“What is the situation when it comes to access at the moment? Perhaps you could just describe the site and when it is that each group can go – or can anyone go whenever they like?”
The geographically challenged Nawal Assad said:
“There is more than 140 dunams which is a massive area of land.”
Of course the entire Old City of Jerusalem is built on an area of less than one square kilometre and in fact Temple Mount measures 488 meters along its west side, 470 meters along its east side, 315 meters along its north side and 280 meters along its south side: hardly “a massive area of land”. Nawal Assad then gave unqualified amplification to a narrative which is as historically inaccurate as it is politically motivated:
“Palestinian Muslims consider all that compound to be the Al Aqsa Mosque.”
“There are about twelve gates. All the twelve gates are manned by guards – Israeli guards and also guards paid actually by the Jordanian government who has the control of the Muslim sites in Jerusalem. Israel has the right to allow or not allow whoever they want to enter into that compound to do prayers. In recent years there has been [sic] rules about dividing the times between Muslims when they can go to pray [and] visitors – as tourists. Since 2013 there has been more visit of Jews who have been seen – and I have seen it myself – who enter from the entrance near the Wailing Wall into the vicinity of the compound and they do like symbolic prayers there. This has been aggravating the situation in the compound itself because Muslim worshippers are against it.”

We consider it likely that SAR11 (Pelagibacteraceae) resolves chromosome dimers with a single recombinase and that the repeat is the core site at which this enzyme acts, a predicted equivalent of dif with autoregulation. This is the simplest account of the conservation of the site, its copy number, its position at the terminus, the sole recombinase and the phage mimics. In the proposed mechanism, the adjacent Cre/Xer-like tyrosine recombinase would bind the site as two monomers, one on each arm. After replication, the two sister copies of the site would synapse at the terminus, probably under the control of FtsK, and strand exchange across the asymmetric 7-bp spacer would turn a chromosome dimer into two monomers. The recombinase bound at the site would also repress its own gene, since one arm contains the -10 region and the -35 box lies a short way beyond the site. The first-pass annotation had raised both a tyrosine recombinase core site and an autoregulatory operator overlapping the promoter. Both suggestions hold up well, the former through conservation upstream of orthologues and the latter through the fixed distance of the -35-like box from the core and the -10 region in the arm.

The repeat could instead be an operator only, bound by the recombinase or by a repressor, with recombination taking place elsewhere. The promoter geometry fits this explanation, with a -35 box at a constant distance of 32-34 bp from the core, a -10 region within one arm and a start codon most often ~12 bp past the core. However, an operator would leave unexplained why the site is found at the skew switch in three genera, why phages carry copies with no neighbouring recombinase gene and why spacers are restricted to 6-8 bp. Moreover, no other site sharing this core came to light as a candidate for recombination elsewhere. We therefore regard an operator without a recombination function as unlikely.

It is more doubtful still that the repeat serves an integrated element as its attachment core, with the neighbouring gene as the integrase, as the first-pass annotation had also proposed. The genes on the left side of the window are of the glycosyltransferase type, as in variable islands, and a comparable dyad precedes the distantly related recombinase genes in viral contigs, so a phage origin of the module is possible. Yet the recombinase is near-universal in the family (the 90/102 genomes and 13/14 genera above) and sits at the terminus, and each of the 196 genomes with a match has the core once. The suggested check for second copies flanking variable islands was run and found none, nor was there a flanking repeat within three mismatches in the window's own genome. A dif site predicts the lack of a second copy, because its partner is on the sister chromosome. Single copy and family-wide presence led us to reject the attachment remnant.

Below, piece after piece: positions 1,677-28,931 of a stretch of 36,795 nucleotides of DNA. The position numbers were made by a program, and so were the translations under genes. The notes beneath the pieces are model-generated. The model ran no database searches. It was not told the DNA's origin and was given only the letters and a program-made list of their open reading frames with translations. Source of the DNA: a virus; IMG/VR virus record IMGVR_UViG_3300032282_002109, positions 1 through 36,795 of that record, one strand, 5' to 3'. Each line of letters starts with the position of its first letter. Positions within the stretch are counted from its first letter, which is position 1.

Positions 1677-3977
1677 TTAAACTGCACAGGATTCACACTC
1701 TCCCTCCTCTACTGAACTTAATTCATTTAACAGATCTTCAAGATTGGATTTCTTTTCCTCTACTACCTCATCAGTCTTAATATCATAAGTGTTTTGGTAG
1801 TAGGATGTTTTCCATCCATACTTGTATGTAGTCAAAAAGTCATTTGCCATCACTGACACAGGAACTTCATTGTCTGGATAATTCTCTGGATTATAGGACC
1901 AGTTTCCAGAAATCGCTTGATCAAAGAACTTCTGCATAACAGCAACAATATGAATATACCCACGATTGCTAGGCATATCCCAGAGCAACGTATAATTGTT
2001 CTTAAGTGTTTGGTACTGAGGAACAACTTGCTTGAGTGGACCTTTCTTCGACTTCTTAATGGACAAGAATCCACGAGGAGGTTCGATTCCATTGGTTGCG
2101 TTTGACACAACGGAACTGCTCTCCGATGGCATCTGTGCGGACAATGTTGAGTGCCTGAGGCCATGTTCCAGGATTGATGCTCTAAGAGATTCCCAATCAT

Neither Assad nor Menendez bothered to inform listeners that non-Muslims are in fact forbidden from praying at the site which is just as significant to them as it is to Muslims and Assad went on to make yet another inaccurate claim.
“The Israeli government seems like it’s going towards a situation where there would be shared times of prayers in that area which Muslims consider it to be their third holiest mosque.”
Menedez then asked a question which clearly misled listeners by implying that the latest round of violence on Temple Mount is connected to the issue of equal prayer rights:
“And are Muslims in Jerusalem firmly against that or is there any appetite for some sort of system to avoid these clashes happening?”
Assad went on to amplify a dangerous and entirely baseless conspiracy theory:
“Muslims in Jerusalem are petrified that Israel plans to rebuild the Temple Mount which means that they will have to destroy the Al Aqsa Mosque. Not just Muslims actually, I must say, because there has been [sic] calls from the Muslim-Christian Palestinian Council this morning condemning these visits.”
The item closed as follows:
Menendez: “What’s the situation now? Have things calmed down?”
Assad: “No. Tension is still mounting in that area. About 300 people were marching just about noon here in Jerusalem and they were again dispersed.”
As we see, in addition to failing to provide listeners with anything even approaching the real factual background to this story, Nawal Assad used this item to promote the kind of inaccuracies and conspiracy theories which can have extremely dangerous consequences. Given that this item was broadcast around the entire world, it is all the more egregious for a BBC reporter to be adding the corporation’s stamp of reliability to such inflammatory rumours.
Either Nawal Assad is incompetent or she is exploiting this topic for the amplification of content which can only be described as incitement. Whichever the case, the BBC World Service needs to urgently clarify to its listeners around the world that there is no truth in her claims of impending changes in the status quo on Temple Mount by the Israeli government and no basis for the conspiracy theory concerning the destruction of Al Aqsa Mosque which she so irresponsibly promotes.
The BBC might also care to note that its reputation as an impartial broadcaster is not enhanced by its Arabic branch’s Jerusalem correspondent’s use of a profile picture including a keffiyah.